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Jews help rebuild Kosovo mosque

ROME, Sept. 9 (JTA) — The dedication of a war-damaged mosque in Kosovo that Jews, Catholics and Muslims rebuilt together is providing a rare gleam of hope against the background of religious tensions elsewhere.

“It was a nice ray of light,” said a Jewish source who attended the brief but moving dedication ceremony last Friday. “It showed that while Israelis and Palestinians are locked in bloody conflict, and while anti-Semitic rhetoric flared at the U.N.” World Conference Against Racism in Durban, South Africa, “there can still be cooperation between Jews and Muslims.”

Taking part in the ceremony were representatives of the American Jewish Joint Distribution Committee, which spearheaded the project, as well as Rexhep Boja, the Kosovar grand mufti, and Mark Sopi, the Roman Catholic bishop.

“This is a symbol of tolerance, peace and a brighter future for the citizens of Kosovo,” said Rexhap, who led hundreds in prayers in the new building after the inauguration.

He hopes the restoration will “contribute to stability of this place, this region and beyond,” Rexhap said.

JDC Board member Alan Batkin called the mosque “tangible proof that the three faiths that are so connected to each other can work together in peace and harmony.”

The mosque, in the village of Shqiponje, was one of more than 200 mosques damaged or destroyed during the war in Kosovo in the late 1990s.

It was reduced to rubble during the fighting and has been fully rebuilt as a compact structure with seven low, golden domes and a soaring minaret. Plaques in Albanian and English note that the restoration was carried out by a Jewish-Muslim-Catholic partnership.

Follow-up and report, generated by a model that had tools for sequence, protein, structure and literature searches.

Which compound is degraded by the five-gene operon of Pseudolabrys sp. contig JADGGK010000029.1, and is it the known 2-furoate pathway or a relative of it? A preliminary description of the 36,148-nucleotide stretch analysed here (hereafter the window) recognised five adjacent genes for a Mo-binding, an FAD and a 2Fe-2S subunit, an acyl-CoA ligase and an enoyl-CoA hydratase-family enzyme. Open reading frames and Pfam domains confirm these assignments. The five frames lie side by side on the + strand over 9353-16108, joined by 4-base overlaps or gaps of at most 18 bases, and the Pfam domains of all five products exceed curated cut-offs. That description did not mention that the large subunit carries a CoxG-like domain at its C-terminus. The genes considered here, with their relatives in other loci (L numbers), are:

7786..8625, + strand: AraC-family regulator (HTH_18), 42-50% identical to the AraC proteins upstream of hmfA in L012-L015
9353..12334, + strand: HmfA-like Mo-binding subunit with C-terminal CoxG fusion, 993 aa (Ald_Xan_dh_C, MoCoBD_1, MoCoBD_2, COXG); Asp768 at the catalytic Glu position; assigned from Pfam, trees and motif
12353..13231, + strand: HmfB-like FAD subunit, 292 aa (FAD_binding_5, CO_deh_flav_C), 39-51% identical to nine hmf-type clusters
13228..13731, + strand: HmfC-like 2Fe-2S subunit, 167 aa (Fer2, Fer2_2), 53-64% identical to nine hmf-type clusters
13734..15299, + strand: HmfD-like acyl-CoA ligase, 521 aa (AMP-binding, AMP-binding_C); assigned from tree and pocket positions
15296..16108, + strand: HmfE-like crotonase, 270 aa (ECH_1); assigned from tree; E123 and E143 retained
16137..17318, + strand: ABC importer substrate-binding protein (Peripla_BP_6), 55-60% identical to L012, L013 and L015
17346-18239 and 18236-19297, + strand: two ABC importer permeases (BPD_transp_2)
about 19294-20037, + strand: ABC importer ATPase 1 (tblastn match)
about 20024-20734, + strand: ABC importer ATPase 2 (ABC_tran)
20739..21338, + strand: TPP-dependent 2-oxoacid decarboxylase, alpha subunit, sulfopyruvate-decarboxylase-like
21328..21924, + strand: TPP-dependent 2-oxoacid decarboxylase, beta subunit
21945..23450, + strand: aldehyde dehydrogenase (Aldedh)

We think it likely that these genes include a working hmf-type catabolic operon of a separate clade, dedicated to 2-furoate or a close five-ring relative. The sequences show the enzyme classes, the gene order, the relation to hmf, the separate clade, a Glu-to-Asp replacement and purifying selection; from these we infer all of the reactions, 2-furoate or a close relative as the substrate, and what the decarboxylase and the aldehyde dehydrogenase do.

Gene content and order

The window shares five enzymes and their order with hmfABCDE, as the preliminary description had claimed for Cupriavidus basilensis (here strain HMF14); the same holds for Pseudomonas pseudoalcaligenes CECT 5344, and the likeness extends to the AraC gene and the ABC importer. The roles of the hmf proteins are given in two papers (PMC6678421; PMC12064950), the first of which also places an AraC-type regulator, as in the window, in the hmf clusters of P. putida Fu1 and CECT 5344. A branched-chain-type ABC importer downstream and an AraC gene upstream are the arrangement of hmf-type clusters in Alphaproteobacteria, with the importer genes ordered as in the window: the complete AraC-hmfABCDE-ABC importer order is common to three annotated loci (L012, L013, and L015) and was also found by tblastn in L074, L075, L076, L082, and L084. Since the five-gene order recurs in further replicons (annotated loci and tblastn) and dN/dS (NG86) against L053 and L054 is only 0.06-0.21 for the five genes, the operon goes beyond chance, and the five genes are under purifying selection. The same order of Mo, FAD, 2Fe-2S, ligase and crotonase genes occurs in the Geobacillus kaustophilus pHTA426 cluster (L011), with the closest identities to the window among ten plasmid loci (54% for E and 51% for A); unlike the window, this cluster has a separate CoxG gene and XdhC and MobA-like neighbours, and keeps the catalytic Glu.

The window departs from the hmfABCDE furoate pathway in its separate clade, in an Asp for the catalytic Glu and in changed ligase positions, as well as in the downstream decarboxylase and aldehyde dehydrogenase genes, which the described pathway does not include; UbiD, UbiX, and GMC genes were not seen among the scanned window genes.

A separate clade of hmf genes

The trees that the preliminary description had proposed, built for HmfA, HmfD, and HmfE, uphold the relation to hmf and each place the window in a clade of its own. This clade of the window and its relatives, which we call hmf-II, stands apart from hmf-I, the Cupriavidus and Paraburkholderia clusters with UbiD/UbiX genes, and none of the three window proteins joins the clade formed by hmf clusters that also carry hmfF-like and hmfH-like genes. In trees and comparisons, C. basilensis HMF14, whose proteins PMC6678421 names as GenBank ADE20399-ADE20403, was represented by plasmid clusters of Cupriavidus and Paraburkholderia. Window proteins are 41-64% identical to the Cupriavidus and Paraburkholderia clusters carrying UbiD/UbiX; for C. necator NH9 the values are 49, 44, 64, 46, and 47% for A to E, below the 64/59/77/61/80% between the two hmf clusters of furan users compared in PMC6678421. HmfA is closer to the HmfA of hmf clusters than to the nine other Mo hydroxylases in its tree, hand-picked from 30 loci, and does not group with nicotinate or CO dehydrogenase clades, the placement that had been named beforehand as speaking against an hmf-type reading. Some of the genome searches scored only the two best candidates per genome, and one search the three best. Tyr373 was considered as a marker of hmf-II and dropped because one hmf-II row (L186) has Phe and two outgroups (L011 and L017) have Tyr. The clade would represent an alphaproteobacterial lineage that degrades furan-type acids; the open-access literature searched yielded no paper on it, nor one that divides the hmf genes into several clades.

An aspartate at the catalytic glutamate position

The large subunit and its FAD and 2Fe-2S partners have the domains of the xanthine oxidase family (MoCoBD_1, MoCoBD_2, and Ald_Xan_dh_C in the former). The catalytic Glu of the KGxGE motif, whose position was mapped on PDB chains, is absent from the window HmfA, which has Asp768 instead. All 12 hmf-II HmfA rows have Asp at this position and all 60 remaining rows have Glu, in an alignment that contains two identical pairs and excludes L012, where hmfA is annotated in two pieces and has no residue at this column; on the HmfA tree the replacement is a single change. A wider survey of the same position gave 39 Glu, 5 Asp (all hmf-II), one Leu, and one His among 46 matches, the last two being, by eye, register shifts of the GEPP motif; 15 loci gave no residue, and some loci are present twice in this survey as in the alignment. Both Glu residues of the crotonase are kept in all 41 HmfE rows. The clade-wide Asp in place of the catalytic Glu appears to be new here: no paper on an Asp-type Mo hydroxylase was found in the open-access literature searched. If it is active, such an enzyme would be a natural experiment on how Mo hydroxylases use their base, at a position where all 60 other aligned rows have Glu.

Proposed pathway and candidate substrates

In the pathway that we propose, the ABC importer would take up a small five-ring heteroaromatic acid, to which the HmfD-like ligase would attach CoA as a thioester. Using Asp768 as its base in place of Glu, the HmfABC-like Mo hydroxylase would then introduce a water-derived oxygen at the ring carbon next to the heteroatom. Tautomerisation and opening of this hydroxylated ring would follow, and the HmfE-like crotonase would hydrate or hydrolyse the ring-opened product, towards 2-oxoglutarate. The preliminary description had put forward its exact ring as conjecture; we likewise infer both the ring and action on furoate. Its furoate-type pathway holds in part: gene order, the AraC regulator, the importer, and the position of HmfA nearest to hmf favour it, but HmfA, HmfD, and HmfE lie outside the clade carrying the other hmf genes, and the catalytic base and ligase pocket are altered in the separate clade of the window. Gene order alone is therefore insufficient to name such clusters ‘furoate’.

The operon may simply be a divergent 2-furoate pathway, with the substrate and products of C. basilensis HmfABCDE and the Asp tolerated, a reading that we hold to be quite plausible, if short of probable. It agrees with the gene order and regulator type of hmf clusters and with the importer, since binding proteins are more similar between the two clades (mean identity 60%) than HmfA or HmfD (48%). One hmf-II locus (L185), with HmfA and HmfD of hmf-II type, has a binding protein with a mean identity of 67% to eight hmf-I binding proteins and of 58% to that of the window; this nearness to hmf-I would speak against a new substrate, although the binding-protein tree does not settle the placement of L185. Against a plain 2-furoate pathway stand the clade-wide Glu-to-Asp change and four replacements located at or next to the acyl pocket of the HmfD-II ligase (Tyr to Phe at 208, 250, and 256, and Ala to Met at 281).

The restoration was coordinated and largely funded by the JDC as part of a major nonsectarian relief program it initiated in Kosovo two years ago to aid the hundreds of thousands of refugees who returned to the area after the end of hostilities.

“Through its nonsectarian programs in Kosovo, JDC has renovated 40 schools and established a psychology department at the University of Pristina,” program director Eli Eliezri said. In addition, working together with ORT, a Jewish group that focuses on educational and vocational training, JDC has sponsored numerous vocational training courses, he added.

Eliezri initiated and supervised the mosque restoration after local Muslims asked for help with it last year.

“An agreement was made before the current intifada broke out, but events in the Middle East did not affect the project one iota,” said a source connected with the project.

Funding came from individual donations to the Kosovo mailbox set up by JDC to finance its entire $2 million nonsectarian program.

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